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pierredv : experiment   28

Exclusive: Grave doubts over LIGO's discovery of gravitational waves | New Scientist Nov 2018
“We believe that LIGO has failed to make a convincing case for the detection of any gravitational wave event,” says Andrew Jackson, the group’s spokesperson. According to them, the breakthrough was nothing of the sort: it was all an illusion.
LIGO  gravity  cosmology  experiment  NewScientist  physics 
april 2019 by pierredv
For my next trick... | The Economist 26 Mar 2016 - clinical trials
"Too many medical trials move their goalposts halfway through. A new initiative aims to change that"
" A meta-analysis—a study of studies—published in BMC Medicine in 2015 found that 31% of clinical trials did not stick to the measurements they had planned to use. Another paper, published in PLOS ONE, also in 2015, examined 137 medical trials over a six-month period and found that 18% had altered their primary outcomes halfway through the trial, while 64% had done the same with secondary, less-important measures of success."
medicine  clinical-trials  scientific-method  reproducibility  experiment  Ben-Goldacre 
august 2016 by pierredv
Creativity and cheating: Mwahahaha… | The Economist
"showed not only that creative people cheat more, but also that cheating seems to encourage creativity—for those who cheated in the adding-up test were even better at word association than their candle-test results predicted"
TheEconomist  cheating  creativity  psychology  experiment 
october 2015 by pierredv
Kitchen-table physics lets you do big science at home - physics-math - 26 February 2015 - Control - New Scientist
Great stuff, e.g. Jam jar detector of time reversal symmetry - mirror magnetometer: bit.ly/1CvBkVh Gravitational wave detector with laser pointer - Michelson interferometer: bit.ly/1DFY0zf
science  experiment  NewScientist  fun  DIY  physics  * 
july 2015 by pierredv
Eight weeks to a better brain | Harvard Gazette
"Participating in an eight-week mindfulness meditation program appears to make measurable changes in brain regions associated with memory, sense of self, empathy, and stress." "For the current study, magnetic resonance (MR) images were taken of the brain structure of 16 study participants two weeks before and after they took part in the eight-week Mindfulness-Based Stress Reduction (MBSR) Program at the University of Massachusetts Center for Mindfulness." "The analysis of MR images, which focused on areas where meditation-associated differences were seen in earlier studies, found increased gray-matter density in the hippocampus ... Participant-reported reductions in stress also were correlated with decreased gray-matter density in the amygdala "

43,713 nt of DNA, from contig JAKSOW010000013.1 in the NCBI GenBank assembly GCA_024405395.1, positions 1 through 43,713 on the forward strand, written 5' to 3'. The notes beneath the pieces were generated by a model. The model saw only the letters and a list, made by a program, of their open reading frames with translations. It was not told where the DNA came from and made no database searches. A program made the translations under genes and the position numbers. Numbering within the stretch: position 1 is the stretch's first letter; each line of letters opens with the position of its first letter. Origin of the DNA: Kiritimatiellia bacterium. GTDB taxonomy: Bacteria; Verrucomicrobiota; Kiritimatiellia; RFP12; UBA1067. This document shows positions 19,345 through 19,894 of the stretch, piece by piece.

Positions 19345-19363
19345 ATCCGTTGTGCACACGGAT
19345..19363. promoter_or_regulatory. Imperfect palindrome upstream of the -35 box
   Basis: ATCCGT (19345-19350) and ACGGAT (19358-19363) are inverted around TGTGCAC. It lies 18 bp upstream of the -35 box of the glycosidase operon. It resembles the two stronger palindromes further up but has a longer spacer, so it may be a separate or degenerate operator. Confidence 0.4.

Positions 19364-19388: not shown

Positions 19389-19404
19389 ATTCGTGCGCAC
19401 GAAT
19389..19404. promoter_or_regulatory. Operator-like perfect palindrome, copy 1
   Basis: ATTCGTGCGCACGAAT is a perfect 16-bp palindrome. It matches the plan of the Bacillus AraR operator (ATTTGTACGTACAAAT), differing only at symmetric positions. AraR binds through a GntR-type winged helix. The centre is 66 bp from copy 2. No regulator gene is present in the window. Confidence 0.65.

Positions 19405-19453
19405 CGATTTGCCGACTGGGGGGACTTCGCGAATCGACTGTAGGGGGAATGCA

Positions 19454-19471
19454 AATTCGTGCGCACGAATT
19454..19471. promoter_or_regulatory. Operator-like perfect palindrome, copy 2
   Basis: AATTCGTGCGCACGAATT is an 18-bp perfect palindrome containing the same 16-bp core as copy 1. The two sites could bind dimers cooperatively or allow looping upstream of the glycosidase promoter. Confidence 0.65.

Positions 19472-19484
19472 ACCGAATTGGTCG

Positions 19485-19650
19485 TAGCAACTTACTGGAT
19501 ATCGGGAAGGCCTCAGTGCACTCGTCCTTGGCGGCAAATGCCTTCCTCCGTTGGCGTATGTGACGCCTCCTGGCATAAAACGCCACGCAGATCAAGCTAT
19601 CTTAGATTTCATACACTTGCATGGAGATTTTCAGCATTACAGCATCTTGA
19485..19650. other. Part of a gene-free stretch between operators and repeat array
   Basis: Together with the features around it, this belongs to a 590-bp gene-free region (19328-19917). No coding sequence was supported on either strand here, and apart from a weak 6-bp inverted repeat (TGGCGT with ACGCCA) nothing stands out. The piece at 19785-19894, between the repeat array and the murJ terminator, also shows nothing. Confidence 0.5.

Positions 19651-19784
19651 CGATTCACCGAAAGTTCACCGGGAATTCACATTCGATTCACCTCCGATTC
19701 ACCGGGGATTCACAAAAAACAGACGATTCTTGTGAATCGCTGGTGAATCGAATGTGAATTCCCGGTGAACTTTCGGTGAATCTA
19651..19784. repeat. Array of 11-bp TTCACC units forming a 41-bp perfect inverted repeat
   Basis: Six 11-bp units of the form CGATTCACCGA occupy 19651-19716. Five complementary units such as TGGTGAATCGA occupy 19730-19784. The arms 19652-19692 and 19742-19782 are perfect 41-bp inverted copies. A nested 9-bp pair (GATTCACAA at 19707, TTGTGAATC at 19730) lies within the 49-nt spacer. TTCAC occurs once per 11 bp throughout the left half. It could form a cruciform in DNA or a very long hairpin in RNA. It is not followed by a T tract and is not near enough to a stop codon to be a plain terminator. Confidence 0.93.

meditation  brain  experiment  psychology  MBSR 
january 2015 by pierredv
Sign in to read: Just obeying orders? Rethinking obedience and atrocity - opinion - 12 September 2014 - New Scientist
Stanley Milgram "shock experiments" "Not only have recent historical studies led researchers to question Arendt's claims that Eichmann and his ilk simply went along thoughtlessly with the orders of their superiors, but reanalysis of Milgram's work has also led social psychologists to cast serious doubt on the claim we are somehow programmed to obey authority." See sidebar on Philip Zimbardo "prison experiment": "Although Zimbardo presents his findings as evidence of "blind conformity" to role, it is apparent that he gave his guards clear guidance on how he expected them to behave when briefing them for the study." "...we have argued that the behaviour of those guards was not the result of blind conformity, but the result of engaged followership that flowed from identification with Zimbardo's leadership"